08 December 2021

Lasch—Instrumental and Practical Reason

Christopher Lasch
The Minimal Self (1984)
The antidote to instrumental reason is practical reason, not mysticism, spirituality, or the power of "personhood." In the Aristotelian tradition of political theory, phronesis or practical reason describes the development of character, the moral perfection of life, and the virtues specific to various forms of practical activity. Technique, on the other hand, concerns itself exclusively with the means appropriate to a given end. The highest form of practice, for Aristotle and his followers, is politics, which seeks to promote the good life by conferring equal rights on all citizens and by establishing rules and conventions designed not so much to solve the problems of social living as to encourage citizens to test themselves against demanding standards of moral excellence... The Aristotelian conception of practice has more in common with play than with activities defined as practical in the modern sense. Practices in the Aristotelian sense have nothing to do, as such, with the production of useful objects or with satisfying material needs. ...

The classical conception carries with it a certain contempt for the production of material comforts and useful objects...; but it nevertheless enables us to identify one of the disinctive features of the industrial worldview: its instrumentalization and debasement of practical activity. Instrumentalism regards the relation of ends and means as purely external, whereas the older tradition, now almost forgotten, holds that the choice of the means appropriate to a given end has to be considered as it contributes to internal goods as well. In other words, the choice of means has to be governed by their conformity to standards of excellence designed to extend human capacities for self-understanding and self-mastery. Industrial societies conceive of the extension of human powers only as the replacement of human labor by machinery. As work and politics lose their educative content and degenerate into pure technique, the very distinction between technique and practice becomes incomprehensible. Industrial societies have almost completely lost sight of the possibility that work and politics can serve as character-forming disciplines. These activities are now understood strictly as means of satisfying material needs. Moral ideas, meanwhile, lose their connection with practical life and with the virtues specific to particular practices and become confused instead with the exercise of purely personal choices and the expression of personal prejudices and tastes, which can be neither justified nor explained and which should therefore not be regarded as binding on anyone else.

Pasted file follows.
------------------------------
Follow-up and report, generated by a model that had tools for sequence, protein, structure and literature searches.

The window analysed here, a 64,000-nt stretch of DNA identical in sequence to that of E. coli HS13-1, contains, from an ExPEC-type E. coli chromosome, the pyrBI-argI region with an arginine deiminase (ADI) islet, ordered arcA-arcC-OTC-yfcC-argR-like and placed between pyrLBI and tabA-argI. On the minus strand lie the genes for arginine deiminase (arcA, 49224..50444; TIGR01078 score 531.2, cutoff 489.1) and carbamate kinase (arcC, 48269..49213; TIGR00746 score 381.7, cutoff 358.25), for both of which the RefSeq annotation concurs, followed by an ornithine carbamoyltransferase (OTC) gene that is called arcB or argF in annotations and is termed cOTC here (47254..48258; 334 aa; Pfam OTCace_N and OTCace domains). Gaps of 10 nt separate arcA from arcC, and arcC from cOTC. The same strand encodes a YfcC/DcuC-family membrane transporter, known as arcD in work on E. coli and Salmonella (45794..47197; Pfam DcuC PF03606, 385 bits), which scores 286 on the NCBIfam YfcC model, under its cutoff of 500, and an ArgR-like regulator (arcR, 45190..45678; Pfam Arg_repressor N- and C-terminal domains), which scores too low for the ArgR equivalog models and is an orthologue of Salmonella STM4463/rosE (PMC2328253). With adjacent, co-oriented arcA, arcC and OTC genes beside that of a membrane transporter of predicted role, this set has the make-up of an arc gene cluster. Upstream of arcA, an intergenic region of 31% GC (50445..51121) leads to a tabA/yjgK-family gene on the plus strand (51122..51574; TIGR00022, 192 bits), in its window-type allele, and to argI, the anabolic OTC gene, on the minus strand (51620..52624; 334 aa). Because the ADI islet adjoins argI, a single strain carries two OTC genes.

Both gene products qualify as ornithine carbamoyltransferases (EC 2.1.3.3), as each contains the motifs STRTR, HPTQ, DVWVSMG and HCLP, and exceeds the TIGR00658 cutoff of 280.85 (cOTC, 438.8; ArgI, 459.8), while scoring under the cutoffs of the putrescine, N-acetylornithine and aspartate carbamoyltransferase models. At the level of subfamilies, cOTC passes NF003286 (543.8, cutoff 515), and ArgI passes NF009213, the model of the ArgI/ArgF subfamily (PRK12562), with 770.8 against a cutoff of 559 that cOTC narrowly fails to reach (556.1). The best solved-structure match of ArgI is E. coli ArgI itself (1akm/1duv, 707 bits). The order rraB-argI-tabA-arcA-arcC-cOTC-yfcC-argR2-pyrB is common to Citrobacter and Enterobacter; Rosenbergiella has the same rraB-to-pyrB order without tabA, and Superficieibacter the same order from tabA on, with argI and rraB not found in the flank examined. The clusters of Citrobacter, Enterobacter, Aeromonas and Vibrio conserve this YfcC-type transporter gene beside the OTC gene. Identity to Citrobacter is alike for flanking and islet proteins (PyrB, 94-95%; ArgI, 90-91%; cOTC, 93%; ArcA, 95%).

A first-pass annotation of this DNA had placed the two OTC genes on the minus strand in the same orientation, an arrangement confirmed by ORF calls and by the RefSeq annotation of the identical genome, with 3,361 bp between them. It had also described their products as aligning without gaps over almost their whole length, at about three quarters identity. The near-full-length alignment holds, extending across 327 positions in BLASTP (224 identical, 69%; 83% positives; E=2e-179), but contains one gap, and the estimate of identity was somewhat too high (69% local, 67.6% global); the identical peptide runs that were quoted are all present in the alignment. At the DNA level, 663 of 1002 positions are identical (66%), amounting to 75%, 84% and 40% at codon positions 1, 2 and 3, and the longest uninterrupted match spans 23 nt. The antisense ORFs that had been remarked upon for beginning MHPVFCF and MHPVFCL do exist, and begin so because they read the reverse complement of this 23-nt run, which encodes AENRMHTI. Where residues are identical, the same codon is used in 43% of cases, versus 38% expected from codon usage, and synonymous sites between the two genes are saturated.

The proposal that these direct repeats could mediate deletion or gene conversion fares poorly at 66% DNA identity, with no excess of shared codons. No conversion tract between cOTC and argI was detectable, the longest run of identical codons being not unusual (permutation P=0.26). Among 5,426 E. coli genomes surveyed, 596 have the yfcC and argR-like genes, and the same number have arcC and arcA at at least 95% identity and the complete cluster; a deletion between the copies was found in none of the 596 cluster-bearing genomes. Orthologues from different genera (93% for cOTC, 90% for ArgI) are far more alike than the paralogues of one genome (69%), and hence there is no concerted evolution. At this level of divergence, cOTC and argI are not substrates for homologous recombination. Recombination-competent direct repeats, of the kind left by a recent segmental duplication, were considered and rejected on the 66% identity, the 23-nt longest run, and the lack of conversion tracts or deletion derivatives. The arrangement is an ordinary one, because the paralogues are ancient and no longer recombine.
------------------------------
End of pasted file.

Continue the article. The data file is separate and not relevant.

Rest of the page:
(pp. 253-255)

As regards the extrinsic benefits of music education, there are at least two ways to parse this
degenerat[ion] into pure technique

There is the

pure technique
of the
soulless technician


pure technique
of the
postindustrial worker


These twin degenerations have very different ramifications, but they come from the same place: the desire for control; which incidentally, for Lasch, also underlies the elite desire to escape the common lot and to divest from civic enagagement and public services.

It is my experience of music educators (and of my own younger self) that the throttle of control is, in the sphere of education, much more delicate than we would like it to be.

Precisely because
the choice of the means appropriate to a given end has to be considered